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The Morning After

Some couples never want their wedding celebrations to end — but a morning-after brunch can be the best way to bring it to a close while extending the fun.

Although some newlyweds opt for an after-party following their reception, a laid-back brunch the next day is an increasingly popular choice.

“The post-wedding brunch used to be an intimate affair comprised of the immediate family and out-of-town guests, but it has evolved into a more elaborate event,” said Julie Pryor of Pryor Events in L.A.

Many brunches include the entire guest list from the day before, while some — such as for the lavish, 800-guest Indian weddings planned by Nikki Khan of Exquisite Events — whittle attendees down to a manageable 150. Regardless, the morning-after affair is when “we see our hosts who are absolutely type-A totally relax, and it’s nice to see that they are now truly enjoying their guests,” Khan said.

Khan has done formal, seated brunches, but that’s a rarity, she said. More often the party is casual, such as a recent lawn brunch with understated flowers and interactive food stations that nevertheless had an “air of elegance,” Khan said.   

The brunch “takes the pressure off [the newlyweds] to have another event to spend some quality time with the guests,” said Kathy Nosek, owner of A Divine-Occasion. “They want to see and spend time with you as a couple.”

As the popularity of these events rose over the past few years, couples began using their wedding planner to handle the details, such as reusing the floral arrangements from the reception — a no-brainer since they’re costly and perfectly beautiful the next day.

Wedding brunches can be held in a wide variety of venues. Some of Nosek’s favorites are the Beverly Hills Hotel, the Beverly Hills restaurant Il Cielo and the London West Hollywood, a posh hotel featuring Chef Gordon Ramsay’s Michelin-starred restaurant.

One recent brunch had a “hair of the dog” theme and turned into a pool party. It was also on the bride’s parents’ 45th wedding anniversary, Nosek said. It was the cherry on top of a weekend that included a 5K run and yoga retreat.

Pryor has planned brunches at such disparate venues as the House of Blues, on a boat and on the tennis courts of a Bel-Air home.

“I have heard that the wedding day goes by in a flash, and to be able to wake up the next day and spend time with everyone seems so special,” said Stephanie Moreland, who will marry Sam Dekin in August at the Adamson House in Malibu, followed by a brunch hosted by her father in the backyard of her childhood home in Pacific Palisades.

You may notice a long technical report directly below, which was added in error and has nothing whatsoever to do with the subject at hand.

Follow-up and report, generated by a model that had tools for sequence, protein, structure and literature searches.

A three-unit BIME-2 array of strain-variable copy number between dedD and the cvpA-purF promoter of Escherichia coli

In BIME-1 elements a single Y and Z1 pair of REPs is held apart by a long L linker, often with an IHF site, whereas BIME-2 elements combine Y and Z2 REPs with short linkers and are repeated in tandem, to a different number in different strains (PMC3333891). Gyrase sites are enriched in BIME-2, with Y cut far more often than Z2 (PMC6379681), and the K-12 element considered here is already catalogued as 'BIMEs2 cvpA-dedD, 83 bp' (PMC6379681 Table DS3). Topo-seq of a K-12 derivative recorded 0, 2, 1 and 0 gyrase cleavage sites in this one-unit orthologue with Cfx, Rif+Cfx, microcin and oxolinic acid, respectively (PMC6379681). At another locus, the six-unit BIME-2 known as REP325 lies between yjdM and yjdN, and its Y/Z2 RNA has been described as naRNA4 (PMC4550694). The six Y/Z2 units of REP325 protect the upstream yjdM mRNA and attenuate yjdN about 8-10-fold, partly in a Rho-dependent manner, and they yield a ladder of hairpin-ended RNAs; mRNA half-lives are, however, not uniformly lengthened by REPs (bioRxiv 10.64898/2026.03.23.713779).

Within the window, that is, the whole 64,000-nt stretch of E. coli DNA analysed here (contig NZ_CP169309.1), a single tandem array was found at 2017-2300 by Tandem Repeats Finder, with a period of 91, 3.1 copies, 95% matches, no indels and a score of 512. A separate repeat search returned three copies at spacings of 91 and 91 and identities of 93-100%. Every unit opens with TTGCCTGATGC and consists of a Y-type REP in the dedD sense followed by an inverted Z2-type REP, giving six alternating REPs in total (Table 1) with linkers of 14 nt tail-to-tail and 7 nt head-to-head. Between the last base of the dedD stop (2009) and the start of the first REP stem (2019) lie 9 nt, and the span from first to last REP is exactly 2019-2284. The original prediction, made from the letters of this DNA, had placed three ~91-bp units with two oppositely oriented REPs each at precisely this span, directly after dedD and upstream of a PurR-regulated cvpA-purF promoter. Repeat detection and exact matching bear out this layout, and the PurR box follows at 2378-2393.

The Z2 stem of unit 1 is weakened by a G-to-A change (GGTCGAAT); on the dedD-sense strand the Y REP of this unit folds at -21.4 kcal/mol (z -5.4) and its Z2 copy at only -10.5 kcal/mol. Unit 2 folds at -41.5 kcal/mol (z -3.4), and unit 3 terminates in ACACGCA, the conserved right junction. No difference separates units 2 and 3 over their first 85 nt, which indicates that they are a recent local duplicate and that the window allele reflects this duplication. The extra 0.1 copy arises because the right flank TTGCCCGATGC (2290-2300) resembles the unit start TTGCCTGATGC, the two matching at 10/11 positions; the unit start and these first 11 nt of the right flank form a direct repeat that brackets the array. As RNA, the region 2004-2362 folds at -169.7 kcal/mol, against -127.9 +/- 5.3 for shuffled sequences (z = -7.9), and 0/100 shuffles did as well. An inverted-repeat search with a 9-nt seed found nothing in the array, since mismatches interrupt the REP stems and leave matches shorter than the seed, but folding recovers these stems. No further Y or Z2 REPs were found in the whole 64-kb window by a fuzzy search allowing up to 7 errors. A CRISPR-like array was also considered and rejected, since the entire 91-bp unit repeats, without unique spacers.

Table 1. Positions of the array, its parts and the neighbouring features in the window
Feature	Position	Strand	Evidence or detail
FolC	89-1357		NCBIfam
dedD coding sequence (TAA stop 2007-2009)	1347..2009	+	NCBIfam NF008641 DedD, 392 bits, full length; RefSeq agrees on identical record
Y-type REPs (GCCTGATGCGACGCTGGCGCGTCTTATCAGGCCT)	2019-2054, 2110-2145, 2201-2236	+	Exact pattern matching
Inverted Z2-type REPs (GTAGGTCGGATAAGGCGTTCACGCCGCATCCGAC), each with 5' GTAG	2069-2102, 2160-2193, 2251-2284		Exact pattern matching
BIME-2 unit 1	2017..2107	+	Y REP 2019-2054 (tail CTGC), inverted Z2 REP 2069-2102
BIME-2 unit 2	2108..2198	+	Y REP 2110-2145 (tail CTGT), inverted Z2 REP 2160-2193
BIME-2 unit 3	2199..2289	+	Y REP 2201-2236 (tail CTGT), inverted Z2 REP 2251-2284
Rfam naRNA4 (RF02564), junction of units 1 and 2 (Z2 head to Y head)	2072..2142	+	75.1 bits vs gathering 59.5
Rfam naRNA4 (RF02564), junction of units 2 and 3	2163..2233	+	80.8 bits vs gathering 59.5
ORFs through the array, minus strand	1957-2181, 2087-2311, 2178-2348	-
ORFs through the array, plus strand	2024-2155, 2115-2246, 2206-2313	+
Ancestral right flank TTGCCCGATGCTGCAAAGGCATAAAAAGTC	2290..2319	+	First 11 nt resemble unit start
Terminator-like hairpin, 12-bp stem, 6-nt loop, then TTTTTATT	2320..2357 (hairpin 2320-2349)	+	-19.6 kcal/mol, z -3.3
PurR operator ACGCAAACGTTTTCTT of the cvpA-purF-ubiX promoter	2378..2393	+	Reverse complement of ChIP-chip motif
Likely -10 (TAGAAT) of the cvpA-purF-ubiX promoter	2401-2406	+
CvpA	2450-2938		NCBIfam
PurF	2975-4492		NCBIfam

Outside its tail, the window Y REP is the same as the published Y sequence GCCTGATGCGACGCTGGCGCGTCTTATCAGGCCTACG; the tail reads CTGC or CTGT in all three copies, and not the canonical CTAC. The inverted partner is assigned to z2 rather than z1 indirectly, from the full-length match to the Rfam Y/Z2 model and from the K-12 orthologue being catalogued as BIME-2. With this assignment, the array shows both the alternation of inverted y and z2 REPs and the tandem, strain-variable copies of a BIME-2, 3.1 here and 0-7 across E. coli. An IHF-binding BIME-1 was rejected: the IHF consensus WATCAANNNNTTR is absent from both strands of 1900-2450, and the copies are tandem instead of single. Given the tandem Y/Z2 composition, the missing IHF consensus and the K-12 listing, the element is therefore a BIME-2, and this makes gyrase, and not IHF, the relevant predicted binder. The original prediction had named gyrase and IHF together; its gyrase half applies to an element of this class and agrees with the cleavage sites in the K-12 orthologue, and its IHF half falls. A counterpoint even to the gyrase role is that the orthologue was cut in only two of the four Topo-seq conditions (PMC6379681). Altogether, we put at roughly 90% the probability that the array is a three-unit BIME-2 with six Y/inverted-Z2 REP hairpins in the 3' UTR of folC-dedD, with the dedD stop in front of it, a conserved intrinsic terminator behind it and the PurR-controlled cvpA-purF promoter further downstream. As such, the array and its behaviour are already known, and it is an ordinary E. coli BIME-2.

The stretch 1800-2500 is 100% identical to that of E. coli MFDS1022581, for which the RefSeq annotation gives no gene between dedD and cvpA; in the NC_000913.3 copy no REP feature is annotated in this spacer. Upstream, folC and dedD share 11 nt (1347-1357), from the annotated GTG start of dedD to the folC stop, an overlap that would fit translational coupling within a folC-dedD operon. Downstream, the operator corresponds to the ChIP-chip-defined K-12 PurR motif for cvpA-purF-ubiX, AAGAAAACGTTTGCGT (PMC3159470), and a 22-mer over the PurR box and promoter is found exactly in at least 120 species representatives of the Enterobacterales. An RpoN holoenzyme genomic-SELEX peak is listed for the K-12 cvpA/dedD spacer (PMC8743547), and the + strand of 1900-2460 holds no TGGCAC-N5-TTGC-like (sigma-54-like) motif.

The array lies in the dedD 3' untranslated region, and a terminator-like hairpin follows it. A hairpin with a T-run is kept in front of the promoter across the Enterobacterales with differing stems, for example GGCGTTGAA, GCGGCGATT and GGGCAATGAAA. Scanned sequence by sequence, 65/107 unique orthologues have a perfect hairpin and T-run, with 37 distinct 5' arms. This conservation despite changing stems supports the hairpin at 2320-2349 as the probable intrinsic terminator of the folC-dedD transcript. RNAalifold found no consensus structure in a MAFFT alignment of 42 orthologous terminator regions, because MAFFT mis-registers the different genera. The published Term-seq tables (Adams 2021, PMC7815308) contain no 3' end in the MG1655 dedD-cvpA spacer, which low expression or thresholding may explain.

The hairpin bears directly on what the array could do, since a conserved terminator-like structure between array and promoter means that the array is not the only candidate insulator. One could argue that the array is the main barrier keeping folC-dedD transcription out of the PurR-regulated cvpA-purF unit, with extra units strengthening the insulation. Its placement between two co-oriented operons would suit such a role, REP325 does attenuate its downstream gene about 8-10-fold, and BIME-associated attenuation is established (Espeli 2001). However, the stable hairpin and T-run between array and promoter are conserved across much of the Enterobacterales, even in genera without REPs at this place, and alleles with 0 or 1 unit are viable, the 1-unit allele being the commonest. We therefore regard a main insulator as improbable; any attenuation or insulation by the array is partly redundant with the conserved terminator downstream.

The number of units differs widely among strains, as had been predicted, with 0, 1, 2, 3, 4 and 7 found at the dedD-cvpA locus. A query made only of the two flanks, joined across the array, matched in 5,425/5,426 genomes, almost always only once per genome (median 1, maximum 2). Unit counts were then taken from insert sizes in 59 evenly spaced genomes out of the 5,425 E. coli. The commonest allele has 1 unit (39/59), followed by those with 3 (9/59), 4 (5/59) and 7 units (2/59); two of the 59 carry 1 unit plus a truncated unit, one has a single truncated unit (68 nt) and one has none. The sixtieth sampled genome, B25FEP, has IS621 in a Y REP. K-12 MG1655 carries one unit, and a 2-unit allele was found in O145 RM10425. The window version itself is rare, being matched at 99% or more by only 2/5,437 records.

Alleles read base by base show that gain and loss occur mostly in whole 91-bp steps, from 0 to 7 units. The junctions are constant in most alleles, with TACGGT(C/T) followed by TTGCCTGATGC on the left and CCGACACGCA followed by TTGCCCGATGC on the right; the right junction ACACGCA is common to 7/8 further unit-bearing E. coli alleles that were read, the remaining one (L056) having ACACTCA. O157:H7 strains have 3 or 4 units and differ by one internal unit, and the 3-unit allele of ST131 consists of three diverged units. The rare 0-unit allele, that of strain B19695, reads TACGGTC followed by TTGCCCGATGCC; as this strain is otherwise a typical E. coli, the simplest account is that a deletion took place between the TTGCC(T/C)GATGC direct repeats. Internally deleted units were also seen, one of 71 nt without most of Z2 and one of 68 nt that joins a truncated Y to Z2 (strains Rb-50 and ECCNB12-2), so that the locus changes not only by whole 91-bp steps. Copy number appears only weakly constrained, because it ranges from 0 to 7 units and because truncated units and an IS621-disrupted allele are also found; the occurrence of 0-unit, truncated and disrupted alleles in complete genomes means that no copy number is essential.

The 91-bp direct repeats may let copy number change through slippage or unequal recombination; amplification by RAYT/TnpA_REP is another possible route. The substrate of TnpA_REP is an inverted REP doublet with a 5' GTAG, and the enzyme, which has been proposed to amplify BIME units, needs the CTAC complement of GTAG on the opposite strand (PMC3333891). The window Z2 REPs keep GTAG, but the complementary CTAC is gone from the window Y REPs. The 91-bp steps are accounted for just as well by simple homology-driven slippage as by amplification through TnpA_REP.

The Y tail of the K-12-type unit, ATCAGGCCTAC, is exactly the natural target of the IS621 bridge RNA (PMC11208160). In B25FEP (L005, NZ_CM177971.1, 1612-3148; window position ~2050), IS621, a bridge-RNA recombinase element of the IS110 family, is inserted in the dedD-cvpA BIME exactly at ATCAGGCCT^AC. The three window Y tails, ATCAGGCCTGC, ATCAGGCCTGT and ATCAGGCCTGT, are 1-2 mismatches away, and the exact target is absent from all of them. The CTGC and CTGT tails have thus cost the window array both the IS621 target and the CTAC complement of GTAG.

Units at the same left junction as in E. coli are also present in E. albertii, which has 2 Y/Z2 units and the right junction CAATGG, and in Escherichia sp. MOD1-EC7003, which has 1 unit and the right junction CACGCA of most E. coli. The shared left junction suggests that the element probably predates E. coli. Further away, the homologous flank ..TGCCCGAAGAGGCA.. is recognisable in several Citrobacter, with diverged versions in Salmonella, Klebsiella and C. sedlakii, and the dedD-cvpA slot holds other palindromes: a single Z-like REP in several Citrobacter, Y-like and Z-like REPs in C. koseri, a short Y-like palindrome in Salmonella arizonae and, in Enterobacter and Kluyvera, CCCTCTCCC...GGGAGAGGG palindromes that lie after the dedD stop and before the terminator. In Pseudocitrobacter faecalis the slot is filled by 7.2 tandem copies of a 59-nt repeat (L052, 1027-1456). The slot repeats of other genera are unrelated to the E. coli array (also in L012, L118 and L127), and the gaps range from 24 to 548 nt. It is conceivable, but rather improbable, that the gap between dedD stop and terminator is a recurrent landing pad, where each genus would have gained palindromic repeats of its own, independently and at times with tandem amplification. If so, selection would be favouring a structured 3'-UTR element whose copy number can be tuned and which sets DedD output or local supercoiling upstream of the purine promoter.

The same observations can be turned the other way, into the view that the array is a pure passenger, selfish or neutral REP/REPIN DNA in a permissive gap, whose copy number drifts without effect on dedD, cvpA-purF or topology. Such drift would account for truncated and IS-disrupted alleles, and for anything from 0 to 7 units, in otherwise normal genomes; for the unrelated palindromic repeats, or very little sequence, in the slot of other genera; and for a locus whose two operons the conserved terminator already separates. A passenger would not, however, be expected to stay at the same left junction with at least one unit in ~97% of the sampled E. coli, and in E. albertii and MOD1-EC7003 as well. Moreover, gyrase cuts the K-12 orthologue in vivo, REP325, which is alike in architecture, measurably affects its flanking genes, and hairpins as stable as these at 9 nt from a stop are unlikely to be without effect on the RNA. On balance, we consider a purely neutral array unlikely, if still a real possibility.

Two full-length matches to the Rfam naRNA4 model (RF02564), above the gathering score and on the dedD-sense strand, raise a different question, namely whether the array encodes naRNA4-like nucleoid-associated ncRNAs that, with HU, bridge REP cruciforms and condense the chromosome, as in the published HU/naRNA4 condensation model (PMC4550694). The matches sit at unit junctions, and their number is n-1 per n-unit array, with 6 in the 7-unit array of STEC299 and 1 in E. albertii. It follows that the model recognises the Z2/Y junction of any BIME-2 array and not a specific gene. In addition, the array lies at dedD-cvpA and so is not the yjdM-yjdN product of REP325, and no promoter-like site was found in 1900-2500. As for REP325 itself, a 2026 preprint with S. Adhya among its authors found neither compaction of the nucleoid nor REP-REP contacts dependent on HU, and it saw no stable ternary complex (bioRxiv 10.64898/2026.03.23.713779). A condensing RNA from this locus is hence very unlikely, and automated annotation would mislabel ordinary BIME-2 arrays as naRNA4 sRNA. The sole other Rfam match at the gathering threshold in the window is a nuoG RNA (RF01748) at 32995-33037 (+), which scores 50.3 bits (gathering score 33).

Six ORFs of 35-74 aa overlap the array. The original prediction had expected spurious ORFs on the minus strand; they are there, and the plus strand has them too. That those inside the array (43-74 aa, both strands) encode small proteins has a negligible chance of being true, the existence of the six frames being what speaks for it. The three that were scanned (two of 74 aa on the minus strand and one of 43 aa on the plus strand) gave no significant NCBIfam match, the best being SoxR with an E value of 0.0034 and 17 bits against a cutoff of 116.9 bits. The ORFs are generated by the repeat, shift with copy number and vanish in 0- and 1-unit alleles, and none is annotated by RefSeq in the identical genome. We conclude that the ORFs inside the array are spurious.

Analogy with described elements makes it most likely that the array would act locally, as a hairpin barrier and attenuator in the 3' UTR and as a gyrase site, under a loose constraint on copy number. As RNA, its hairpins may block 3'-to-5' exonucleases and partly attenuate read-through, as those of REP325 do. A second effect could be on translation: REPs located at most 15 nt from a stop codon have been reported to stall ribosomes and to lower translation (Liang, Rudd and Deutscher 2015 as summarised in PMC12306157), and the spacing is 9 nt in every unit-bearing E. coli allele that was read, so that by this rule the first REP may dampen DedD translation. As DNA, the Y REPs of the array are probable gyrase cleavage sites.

In addition to being a great way to recap the weekend, a brunch can also serve to include themes or foods that don’t fit in at the reception. Hali and Greg Lieb, married at the Disneyland Hotel on June 18, hosted a “Rise and Dine” brunch at the nearby Grand Californian, complete with a harpist and the restaurant’s peanut butter and jelly pizza and Mickey Mouse waffles.

The couple had their floral arrangements transported to line the area, and invited guests to take them home afterward. Favors aren’t a must, but the Liebs hosted a brunch for a friend’s Napa wedding last year and created jars of jam labeled with the couple’s names and the words “spread the love.”

Longtime planners recommend sticking to the buffet and station format, as guests flow in and out according to their travel plans.

Omelet stations seem to be the most popular. Others have included custom crepes, pasta, smoked fish and French toast.

“Fresh fruit smoothies and skewers are a refreshing touch for summer,” Pryor said.  
These days, weddings are being custom-made to outshine all others, and the brunch is simply the latest arena for that friendly competition.

“Anything to outdo, outwit, out-fun a wedding that will have people saying, ‘I’ve never been to a wedding where I had so much fun,’” Nosek said.

—Emerson Patrick, Custom Publishing Writer

Copyright © 2015, Los Angeles Times
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